Tad, a cross-platform tabular data viewer

Martin Brinkmann
May 31, 2017
Updated • May 31, 2017

Tad is a free, cross-platform tabular data viewer for Windows, Mac and Linux to improve how you work with comma delimited files.

While you can load most csv files in Office programs like Microsoft Office, LibreOffice, and online services like Office365 or Google Docs, doing so may not offer the greatest of experiences.

This is especially the case when the data set is medium large or very large, as many solutions tend to lag a lot.. While you do get a tabular view of the data, these programs may not provide you with functionality such as advanced filtering.

Tad tabular data viewer

tad data viewer

Tad is available for Windows, Linux and Mac devices. It is an Electron application, which means that its download size is quite large (around 50 Megabytes).

The program may be used to load csv or tsv files, and files saved in the program's own tad format.  The loading is quite fast, even for larger (read 200 Megabytes or more) CSV files. It may take a couple of seconds to load though (or more) depending on the size of the input file, but it should be fairly acceptable.

Tad's Quick Start guide mentions that it takes about 13 seconds to load a 228 CSV file with 420,000 rows on a late 2013 MacBook Pro.

The data is displayed in tabular format right away in the main interface. This is not super spectacular, as you get the same layout when you import it in other local or online Office software or applications.

Tad opens the CSV file in an in-memory SQLite database.

You can open a general sidebar which enables you to show or hide columns, and enable pivor or sort on top of that.

  1. Use the checkboxes under Pivot in the main column selector to choose columns for the pivot hierarchy.
  2. Use the checkboxes under Show in the main column selector to determine what columns are shown / hidden.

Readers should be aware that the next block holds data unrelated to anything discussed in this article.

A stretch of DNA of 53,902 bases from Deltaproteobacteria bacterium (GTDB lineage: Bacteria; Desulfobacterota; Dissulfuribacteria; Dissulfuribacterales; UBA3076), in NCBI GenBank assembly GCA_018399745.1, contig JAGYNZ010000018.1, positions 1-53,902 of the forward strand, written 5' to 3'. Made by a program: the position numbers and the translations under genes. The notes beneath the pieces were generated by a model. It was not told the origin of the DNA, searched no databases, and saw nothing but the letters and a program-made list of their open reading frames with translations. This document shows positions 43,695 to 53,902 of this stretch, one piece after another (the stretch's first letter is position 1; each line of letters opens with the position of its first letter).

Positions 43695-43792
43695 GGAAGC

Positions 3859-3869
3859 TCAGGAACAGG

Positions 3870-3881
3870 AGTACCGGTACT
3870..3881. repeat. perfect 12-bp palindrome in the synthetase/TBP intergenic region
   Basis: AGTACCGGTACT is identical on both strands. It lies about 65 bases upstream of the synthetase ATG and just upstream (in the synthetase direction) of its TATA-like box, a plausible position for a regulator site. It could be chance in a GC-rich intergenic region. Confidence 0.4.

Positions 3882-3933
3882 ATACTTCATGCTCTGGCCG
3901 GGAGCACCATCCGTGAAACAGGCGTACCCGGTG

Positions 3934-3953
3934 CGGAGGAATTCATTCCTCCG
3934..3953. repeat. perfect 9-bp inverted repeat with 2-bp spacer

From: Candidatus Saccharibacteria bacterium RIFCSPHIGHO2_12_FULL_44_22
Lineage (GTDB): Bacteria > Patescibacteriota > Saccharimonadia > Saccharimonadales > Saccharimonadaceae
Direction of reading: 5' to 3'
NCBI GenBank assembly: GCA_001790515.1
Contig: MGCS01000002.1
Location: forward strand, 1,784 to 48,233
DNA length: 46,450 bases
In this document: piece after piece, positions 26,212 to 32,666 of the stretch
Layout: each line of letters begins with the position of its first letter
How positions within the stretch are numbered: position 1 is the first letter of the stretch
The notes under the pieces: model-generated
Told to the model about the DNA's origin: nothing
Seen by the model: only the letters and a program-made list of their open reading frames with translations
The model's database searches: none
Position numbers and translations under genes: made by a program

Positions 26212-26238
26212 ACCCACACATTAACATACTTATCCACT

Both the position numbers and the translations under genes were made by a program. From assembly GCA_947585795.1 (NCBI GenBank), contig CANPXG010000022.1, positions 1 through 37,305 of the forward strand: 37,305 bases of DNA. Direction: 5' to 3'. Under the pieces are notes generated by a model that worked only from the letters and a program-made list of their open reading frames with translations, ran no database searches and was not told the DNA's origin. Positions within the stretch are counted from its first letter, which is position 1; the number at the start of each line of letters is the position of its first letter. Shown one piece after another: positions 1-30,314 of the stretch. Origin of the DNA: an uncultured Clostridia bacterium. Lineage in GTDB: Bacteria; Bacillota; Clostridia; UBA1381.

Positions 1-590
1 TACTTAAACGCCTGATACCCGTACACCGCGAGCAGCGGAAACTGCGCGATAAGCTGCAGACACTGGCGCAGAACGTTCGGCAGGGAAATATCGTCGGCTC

3. Set the Sort columns using either the checkboxes under Sort the main column selector or by clicking on column headers in the main grid.

The second major feature that Tad supports is filtering. You may enable individual filters, or combine multiple filters. You can use the functionality to show only data sets that match all criteria that you have selected.

You pick a column, operator (e.g. starts with,  contains, or >=), and a value, and may use all of (and) or any of (or) to return hits if all criteria or just one matches.


Tad is a handy software to have. It is cross-platform, quite fast, and designed especially for data engineers and data scientists who work with large CSV files. It can be used by anyone however, and if you are a webmaster who has to deal with CSV files as well, or a broker or finance guy, then you may find Tad more suitable for the task than the Office solution that you usually work with.

software image
Author Rating
no rating based on 0 votes
Software Name
Software Category
Landing Page

Tutorials & Tips

Previous Post: «
Next Post: «


  1. Dave said on June 2, 2017 at 6:07 pm

    Tried downloading the Windows program, Symantec immediately quarantined it as Malware.
    I sent them an email to let them know.

  2. CSV options said on May 31, 2017 at 10:33 pm

    There is also CSVed [http://csved.sjfrancke.nl/], which is much smaller and also allows editing.

    1. Anonymous said on June 1, 2017 at 2:35 pm

      Thanks / love portable stuff anyway

  3. Clairvaux said on May 31, 2017 at 8:54 pm

    That’s interesting. Importing csv’s into Excel has always seemed a bit clunky to me (but I use an ancient version ; maybe things have improved since). I’m annoyed however by the proprietary format.

Leave a Reply

Check the box to consent to your data being stored in line with the guidelines set out in our privacy policy

We love comments and welcome thoughtful and civilized discussion. Rudeness and personal attacks will not be tolerated. Please stay on-topic.
Please note that your comment may not appear immediately after you post it.